It was amusing to think that there was a Mailchimp representative who looked at my website and tried to make sense of an artwork that was realised through their service. The weird thing about their visit to the website was that they quoted directly from it during your conversation.
“AI collaborative variations on stock photos of a non-existent woman, delivery via six ‘spam’ emails.”
It's interesting how my own description of the work was basically used against the work, despite having written it as part of the project’s context. The customer service agent saw in my description the word spam as a keyword for the project—even in quotation marks—yet they used it as proof that this work is spam content and therefore cannot be supported.
After that instance, I went into a bit of detail about the work and their response repeated what you’ve just said:
“We certainly understand where you are coming from here and that this is indeed not spam. Even personally, I can say that I see the goal behind this art form and what it communicates stereotypical ideas of spam and deeper implications.” [Email 12]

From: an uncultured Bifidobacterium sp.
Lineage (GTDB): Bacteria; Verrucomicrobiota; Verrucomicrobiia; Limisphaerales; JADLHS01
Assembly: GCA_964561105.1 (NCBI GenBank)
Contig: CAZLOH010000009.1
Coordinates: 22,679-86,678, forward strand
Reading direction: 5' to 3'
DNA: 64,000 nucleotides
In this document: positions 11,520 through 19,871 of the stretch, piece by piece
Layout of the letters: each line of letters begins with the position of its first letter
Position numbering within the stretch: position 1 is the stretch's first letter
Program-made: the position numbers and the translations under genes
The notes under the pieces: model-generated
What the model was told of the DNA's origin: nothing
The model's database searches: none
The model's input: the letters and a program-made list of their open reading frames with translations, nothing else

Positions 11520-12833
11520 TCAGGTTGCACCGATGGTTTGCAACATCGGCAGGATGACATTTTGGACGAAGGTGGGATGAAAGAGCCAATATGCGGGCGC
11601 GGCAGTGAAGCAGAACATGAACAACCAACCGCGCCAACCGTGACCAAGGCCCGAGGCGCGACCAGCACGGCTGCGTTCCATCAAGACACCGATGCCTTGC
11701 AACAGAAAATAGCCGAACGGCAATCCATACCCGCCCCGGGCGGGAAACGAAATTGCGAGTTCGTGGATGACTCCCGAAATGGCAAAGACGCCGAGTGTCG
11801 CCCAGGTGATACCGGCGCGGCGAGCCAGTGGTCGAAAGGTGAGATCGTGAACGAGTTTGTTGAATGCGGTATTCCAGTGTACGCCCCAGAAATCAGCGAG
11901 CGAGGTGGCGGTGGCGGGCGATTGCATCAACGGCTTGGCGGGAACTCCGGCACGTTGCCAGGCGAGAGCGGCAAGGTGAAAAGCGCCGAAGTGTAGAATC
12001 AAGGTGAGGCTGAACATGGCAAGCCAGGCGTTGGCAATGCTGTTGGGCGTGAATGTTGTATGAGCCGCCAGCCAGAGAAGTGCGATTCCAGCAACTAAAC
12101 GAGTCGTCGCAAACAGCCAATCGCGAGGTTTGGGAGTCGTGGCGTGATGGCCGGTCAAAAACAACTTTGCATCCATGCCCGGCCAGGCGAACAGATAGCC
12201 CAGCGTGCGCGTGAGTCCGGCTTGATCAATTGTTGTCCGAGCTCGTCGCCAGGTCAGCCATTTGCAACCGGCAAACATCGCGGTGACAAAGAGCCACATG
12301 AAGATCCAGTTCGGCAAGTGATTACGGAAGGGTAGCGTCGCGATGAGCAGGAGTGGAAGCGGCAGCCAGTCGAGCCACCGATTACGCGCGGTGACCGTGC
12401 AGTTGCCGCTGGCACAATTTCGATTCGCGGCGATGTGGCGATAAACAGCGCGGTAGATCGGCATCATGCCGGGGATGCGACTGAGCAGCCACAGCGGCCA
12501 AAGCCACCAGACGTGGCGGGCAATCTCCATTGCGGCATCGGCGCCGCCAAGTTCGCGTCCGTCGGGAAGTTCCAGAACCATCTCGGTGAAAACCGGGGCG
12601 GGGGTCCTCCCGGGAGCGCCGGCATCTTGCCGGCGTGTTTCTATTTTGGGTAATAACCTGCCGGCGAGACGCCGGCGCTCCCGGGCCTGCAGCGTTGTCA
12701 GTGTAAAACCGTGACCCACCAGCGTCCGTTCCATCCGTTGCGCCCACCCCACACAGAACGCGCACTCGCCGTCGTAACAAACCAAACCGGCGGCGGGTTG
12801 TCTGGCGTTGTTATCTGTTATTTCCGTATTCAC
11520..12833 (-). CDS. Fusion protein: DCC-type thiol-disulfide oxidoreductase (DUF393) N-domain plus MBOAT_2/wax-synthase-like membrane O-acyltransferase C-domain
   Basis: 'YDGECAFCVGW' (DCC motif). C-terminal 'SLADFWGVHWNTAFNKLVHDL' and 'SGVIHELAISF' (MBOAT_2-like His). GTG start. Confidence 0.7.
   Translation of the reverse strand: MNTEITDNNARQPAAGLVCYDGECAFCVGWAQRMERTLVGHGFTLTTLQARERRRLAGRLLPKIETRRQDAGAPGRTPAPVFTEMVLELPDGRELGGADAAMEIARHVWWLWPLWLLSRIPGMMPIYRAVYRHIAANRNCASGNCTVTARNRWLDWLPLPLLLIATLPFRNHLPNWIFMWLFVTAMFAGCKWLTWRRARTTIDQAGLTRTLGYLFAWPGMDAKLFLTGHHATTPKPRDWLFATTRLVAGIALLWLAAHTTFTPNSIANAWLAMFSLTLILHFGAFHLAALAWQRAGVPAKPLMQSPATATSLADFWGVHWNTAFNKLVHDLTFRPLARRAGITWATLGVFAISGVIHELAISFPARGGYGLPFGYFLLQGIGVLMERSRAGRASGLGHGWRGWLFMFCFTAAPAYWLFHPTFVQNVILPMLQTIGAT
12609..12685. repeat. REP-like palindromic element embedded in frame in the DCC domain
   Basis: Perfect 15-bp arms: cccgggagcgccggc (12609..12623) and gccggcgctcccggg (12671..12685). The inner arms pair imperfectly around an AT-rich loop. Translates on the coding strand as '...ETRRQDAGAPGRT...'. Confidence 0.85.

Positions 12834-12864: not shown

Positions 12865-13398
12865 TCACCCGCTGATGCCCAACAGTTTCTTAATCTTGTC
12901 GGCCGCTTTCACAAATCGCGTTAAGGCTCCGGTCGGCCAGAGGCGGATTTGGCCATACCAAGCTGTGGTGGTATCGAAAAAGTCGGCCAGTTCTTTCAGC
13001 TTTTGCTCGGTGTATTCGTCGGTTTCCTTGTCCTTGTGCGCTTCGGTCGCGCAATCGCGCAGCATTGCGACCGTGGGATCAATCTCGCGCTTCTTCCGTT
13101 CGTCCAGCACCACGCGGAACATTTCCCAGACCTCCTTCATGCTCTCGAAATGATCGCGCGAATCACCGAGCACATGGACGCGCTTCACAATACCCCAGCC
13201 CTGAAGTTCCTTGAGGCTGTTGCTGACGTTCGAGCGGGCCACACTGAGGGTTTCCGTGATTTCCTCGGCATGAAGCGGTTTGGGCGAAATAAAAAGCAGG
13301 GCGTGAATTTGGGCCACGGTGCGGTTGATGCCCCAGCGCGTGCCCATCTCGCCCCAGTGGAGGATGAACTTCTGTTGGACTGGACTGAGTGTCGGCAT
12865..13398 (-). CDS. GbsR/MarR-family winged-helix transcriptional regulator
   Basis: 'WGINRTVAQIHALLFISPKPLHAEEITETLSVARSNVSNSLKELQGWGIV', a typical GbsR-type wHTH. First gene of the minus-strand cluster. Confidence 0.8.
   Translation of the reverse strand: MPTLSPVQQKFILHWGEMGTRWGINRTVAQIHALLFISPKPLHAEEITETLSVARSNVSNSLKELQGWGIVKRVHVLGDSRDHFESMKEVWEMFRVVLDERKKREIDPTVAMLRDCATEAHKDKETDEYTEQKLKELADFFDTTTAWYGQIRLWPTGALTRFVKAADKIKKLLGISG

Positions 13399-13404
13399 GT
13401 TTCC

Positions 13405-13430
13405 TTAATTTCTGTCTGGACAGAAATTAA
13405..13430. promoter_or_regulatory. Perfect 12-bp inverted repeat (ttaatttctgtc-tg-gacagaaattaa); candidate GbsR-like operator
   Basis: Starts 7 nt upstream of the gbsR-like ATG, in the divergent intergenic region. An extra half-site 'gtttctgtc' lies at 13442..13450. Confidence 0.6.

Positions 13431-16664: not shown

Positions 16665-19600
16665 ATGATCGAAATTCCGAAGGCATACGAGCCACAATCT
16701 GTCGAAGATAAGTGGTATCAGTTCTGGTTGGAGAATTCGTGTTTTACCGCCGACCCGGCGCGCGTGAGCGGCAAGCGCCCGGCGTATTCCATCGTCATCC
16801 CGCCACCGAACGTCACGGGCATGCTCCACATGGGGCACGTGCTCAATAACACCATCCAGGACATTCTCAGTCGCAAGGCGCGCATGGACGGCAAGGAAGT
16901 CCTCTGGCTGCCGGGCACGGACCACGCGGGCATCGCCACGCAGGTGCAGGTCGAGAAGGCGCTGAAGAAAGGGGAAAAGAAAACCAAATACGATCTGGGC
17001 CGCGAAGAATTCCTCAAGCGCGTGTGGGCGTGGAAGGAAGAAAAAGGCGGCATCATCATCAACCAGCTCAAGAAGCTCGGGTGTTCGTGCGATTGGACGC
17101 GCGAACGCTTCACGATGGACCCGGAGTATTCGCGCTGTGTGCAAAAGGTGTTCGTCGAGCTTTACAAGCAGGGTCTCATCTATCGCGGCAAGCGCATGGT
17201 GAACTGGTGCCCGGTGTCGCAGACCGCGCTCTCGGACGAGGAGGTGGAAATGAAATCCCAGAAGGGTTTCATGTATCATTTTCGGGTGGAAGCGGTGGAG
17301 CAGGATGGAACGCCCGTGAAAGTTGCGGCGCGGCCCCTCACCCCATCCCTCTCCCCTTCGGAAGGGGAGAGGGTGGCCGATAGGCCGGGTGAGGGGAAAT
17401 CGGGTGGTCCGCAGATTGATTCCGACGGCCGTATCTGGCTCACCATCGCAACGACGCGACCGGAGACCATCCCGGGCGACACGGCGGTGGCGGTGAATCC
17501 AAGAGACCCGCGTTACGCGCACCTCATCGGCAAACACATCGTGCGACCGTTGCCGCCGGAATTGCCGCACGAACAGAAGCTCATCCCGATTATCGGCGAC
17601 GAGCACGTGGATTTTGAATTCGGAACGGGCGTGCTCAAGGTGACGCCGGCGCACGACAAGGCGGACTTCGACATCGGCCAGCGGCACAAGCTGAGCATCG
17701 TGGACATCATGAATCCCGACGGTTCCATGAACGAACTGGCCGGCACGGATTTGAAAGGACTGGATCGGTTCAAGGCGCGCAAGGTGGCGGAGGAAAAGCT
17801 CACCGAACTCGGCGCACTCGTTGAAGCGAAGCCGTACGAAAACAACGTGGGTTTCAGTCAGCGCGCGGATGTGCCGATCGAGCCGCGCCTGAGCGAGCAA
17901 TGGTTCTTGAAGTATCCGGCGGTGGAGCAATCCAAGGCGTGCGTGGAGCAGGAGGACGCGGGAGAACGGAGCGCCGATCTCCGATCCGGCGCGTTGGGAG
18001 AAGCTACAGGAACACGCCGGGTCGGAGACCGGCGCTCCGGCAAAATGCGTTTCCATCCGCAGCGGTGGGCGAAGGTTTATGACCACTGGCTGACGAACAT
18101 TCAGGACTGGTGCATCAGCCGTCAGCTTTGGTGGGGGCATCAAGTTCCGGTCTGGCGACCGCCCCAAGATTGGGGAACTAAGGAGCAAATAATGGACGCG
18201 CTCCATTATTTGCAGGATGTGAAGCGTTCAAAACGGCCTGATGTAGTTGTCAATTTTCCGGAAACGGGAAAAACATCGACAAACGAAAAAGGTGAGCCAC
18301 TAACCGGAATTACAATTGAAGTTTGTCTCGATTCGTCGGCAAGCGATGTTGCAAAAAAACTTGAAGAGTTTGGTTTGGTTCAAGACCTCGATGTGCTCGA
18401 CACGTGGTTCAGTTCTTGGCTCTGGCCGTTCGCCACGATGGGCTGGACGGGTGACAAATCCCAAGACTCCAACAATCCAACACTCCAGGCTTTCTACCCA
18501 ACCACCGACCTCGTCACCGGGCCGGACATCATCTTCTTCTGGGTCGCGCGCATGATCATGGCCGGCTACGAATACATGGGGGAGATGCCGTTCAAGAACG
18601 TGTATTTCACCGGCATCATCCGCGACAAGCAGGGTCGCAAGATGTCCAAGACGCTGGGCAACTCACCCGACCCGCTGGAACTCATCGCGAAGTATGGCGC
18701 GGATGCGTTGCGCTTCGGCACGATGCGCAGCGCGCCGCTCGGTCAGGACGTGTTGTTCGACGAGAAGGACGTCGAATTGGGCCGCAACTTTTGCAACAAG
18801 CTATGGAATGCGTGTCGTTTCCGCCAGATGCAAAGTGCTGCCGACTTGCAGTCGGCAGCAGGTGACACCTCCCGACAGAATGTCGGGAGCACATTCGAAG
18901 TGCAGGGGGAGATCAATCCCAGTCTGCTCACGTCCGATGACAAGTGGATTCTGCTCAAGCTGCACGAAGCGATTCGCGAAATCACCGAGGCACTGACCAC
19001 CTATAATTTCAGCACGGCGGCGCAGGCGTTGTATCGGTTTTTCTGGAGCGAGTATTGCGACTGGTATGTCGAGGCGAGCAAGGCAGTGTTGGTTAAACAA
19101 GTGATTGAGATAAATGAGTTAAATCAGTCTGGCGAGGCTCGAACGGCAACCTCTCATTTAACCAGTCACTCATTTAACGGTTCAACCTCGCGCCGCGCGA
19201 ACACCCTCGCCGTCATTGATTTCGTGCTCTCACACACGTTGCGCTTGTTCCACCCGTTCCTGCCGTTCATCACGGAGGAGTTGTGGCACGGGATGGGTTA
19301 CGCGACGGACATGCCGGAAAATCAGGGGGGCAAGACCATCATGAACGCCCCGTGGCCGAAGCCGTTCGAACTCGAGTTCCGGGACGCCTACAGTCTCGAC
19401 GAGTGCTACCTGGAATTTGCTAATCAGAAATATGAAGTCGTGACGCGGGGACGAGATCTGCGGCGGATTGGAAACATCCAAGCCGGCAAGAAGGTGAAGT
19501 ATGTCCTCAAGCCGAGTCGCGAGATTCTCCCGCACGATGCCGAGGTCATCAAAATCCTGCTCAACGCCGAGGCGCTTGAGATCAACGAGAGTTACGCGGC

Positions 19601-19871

Mailchimp's customer service finally recognises what you've been explaining to them, they then suspend their bot, but the bot is too powerful and overrides the human commands which apparently nobody else at Mailchimp seems to be able to override again. That's a problem.
For me, this shows the difficulty of automated artificial intelligence systems making decisions that humans can quite clearly see are incorrect. Do you have any ideas about how you might have changed the work to make it pass through the automated Omnivore bot?
While I often work with digital and analogue media in my art, and my research explores the affect of technology, I’m simultaneously very distrustful of technology. If everyone becomes dependent on automated technology then the ability to just be human will be gradually lost. I sometimes wish we were living in a perpetual late nineties, pre-"smart" devices…